In situations where a property owner believes that their property has been inadvertently mapped in a Special Flood Hazard Area (SFHA) on a Flood Insurance Rate Map, FEMA provides a process for requesting a change in the flood zone designation for the property. This can be done for several reasons, but primarily it is used to alleviate the need for property owners to purchase flood insurance. This request is known as a Letter of Map Change (LOMC). There are several LOMC types that you may submit:
- LOMA – “Letter of Map Amendment” a request to remove a piece of land or structure that was incorrectly placed in a flood hazard area as the land or structure is currently on high ground that is above the base flood elevation without the use of fill. LOMA applications can involve one or multiple lots or structures. If a LOMA is granted by FEMA, property owners may be eligible for lower to no insurance costs depending on the rules and regulations of their specific insurance company.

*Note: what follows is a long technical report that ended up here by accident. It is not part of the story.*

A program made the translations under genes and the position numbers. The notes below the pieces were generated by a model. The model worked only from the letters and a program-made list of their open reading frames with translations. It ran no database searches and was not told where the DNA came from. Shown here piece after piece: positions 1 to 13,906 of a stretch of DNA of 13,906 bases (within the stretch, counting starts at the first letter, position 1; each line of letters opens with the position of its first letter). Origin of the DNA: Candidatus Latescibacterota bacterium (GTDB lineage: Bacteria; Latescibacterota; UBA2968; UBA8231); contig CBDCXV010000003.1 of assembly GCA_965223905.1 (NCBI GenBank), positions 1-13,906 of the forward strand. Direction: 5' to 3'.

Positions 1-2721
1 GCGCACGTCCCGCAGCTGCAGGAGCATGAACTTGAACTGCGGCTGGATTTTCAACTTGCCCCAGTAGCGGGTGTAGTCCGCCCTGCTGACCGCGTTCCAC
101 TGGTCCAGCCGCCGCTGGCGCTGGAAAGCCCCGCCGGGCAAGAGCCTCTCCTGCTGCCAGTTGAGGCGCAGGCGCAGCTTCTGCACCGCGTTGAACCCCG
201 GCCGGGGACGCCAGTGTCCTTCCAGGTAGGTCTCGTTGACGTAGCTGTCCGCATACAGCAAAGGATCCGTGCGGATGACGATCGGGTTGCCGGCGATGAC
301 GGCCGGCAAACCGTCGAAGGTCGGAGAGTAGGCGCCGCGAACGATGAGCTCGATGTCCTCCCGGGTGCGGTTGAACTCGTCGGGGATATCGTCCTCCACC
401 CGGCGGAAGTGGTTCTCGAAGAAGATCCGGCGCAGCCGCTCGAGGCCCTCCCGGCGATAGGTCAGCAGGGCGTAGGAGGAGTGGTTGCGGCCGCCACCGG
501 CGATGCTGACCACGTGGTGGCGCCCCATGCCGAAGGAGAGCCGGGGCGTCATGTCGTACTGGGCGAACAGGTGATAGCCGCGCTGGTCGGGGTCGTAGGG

- CLOMR-F – “Conditional Letter of Map Revision Based on Fill” an initial application and grading plan sent to FEMA that is used to determine whether the proposed fill would be sufficient to elevate the structure above the flood plain elevation and effectively remove it from the floodplain. Upon Approval of CLORM-F a LOMR-F can be completed.
- LOMR-F – “Letter of Map Revision-Based on Fill” used to show that due to the placement of fill the requested area has been raised out of the floodplain. The LOMA-F type applies to situations where fill material has been placed or is going to be placed after the first floodplain map area has been established. It is best used for existing structures built on a raised pad or new structures that are planned to be built on a raised pad that is above the established flood plain elevation.
A LOMA application does not require a fee to be reviewed by FEMA, while a LOMR-F does require a fee for review and processing that can be found in the related links section of the fema.gov website. Local governing agencies such as Fish Wildlife and Parks, local Conservation Districts, local floodplain administrators, and possibly more may require an application and additional permits before allowing fill to be placed inside the floodplain.